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Rose Mary
By Rosemary McKittrick
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SUPERMAN LIVES ON AT LIVEAUCTIONTALK.COM

SUPERMAN LIVES ON AT LIVEAUCTIONTALK.COM
Promotional Figure; wood composition; 1942; 5 foot 5 inches sold for $6,325. Photo courtesy of Hake’s Americana & Collectibles.
“Faster than a speeding Bullet! More powerful than a locomotive! Able to leap tall buildings in a single bound.”

If you grew up in the ‘50s you know exactly who I’m talking about--the man of steel, Superman!

Superman has used his superpowers for over 70 years now to fight bad guys, defend truth and justice--not to mention the American way.

What mother wouldn’t be thrilled to have her daughter bring Superman home to dinner?

What newspaper, if they knew his real identity, wouldn’t be overjoyed to have Clark Kent on staff?

Call me naïve. But to me, there was an element of reality about Superman. He may have started out as a comic book character, but like Batman he grew larger-than-life.

This strange visitor from another planet carried on his one-man crusades like the biblical character Moses. Fighting off the Lex Luthor’s of the world, saving the damsels in distress, he demonstrated greatness again and again right before our very eyes.

Come on. How many of you donned a towel at some point in your youth and jumped off the nearest armchair in pursuit of invisible crooks?

What I especially appreciate is that the strong man in tights we’ve all come to love was dreamed up by two high school boys. Talk about revelation.

Superman came to Jerry Siegel in a vision during a sleepless summer night in Cleveland in 1934 after his graduation from Glenville High School. His buddy, turned cartoonist Joe Shuster, gave Superman life with his pen.

“I had crushes on several attractive girls who either didn't know I existed or didn't care I existed," Siegel said. "It occurred to me: what if I had something going for me, like jumping over buildings or throwing cars around or something like that?"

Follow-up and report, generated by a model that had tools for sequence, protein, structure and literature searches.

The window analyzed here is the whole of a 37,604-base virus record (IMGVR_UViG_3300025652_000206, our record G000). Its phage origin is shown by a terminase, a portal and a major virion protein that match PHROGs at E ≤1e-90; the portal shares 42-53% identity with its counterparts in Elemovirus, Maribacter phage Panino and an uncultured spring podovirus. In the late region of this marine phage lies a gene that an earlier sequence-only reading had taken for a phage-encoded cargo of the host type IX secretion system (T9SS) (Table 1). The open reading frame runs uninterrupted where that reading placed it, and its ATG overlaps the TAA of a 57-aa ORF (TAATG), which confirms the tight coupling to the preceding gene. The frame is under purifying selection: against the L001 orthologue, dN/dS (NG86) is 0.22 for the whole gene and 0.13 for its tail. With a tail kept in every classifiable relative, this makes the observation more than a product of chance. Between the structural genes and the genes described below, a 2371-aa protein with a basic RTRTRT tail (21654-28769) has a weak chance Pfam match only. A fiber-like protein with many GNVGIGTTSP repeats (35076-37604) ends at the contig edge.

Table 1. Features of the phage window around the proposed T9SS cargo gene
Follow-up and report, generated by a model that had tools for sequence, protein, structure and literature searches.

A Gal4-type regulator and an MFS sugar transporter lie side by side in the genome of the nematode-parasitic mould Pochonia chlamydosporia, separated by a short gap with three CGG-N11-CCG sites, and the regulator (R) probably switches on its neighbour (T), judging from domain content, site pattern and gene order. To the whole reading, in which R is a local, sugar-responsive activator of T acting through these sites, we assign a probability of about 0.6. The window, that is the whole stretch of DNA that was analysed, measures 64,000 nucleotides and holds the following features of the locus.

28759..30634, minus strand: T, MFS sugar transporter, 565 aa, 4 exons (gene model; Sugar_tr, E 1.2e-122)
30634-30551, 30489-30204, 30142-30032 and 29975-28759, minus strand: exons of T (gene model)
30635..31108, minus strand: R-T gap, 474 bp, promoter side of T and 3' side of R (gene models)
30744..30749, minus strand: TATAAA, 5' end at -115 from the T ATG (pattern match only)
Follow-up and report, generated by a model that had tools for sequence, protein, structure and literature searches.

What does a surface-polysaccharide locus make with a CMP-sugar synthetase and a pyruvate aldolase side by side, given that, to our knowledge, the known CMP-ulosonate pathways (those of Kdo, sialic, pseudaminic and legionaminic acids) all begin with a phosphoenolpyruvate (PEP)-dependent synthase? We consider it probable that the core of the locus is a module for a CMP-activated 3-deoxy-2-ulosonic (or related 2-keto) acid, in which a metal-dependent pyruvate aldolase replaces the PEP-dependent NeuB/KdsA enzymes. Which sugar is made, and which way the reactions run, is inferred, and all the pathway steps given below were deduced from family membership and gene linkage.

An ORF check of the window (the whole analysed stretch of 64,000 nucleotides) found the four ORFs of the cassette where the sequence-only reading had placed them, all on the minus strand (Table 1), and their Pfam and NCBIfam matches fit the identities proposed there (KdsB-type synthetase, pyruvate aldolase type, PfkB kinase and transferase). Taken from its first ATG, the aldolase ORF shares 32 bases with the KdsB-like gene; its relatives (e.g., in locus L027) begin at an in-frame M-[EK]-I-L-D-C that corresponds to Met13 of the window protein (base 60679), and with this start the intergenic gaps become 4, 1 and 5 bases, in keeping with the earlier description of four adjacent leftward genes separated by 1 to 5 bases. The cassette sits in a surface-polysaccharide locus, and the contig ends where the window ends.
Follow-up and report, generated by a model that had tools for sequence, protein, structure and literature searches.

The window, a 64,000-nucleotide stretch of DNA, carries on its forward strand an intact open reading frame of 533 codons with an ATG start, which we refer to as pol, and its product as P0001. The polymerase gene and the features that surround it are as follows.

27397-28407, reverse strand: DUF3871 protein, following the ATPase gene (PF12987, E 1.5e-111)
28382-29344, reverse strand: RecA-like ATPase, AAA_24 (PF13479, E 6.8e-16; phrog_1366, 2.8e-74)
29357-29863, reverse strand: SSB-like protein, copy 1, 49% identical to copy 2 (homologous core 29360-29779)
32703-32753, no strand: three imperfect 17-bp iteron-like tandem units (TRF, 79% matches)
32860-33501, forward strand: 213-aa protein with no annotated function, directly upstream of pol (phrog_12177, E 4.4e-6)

Siegel turned his adolescent lovesickness into the most enduring superhero of all time. With his undying virtue, humility and just plain decency, who couldn’t love this character?

Superman showed up for the first time in the 1938 DC Comic series Action Comics. Since then he has moved on to movies, books and cartoon shows, not to mention t-shirts, action figures, statues and more.

The 1938 comic is considered the first in the Golden Age of comics. If by chance you stumble upon a copy of the first issue in near mint condition in the attic, it could be worth up to $400,000.

The problem is most of us loved our comic books and swapped them around so much they ended up looking like litter box liners. Such is life.

What we’re left with is an endless assortment of other Superman stuff to collect like the wooden figure produced by the Ideal Novelty & Toy Company in 1941. Granted, the figurines and store displays aren’t in the same league as the Golden Age comics but they’re still collectible.

On Jan. 29, 2008, Hake’s Americana & Collectibles in York, Pa., featured a selection of Superman collectibles in its auction. Looking through the catalog was like digging through my childhood toy box. Here are some current values.

Superman

Paint Set; pair; by Kenner’s; colorful blister card contains paints; 1966; 8 ½ inches by 11 inches; $316.

Krypto-Raygun; battery operated; made by Daisy; 7 inches long; $383.

Pennant; felt; issued by clothing stores; includes full figure of flying Superman; 3 ¼ inches by 11 ¾ inches; $518.

Wood Jointed Figure; Ideal Novelty & Toy Company; 1940; 13 inches tall; $920.

Secret Chamber Ring; premium for the Superman Defense Club milk program; cost 10 cents and two bottle caps; 1941; $4,313.

Promotional Figure; wood composition; designed to promote Superman DC Comics to distributors and retailers; 1942; 5 foot 5 inches; $6,325.

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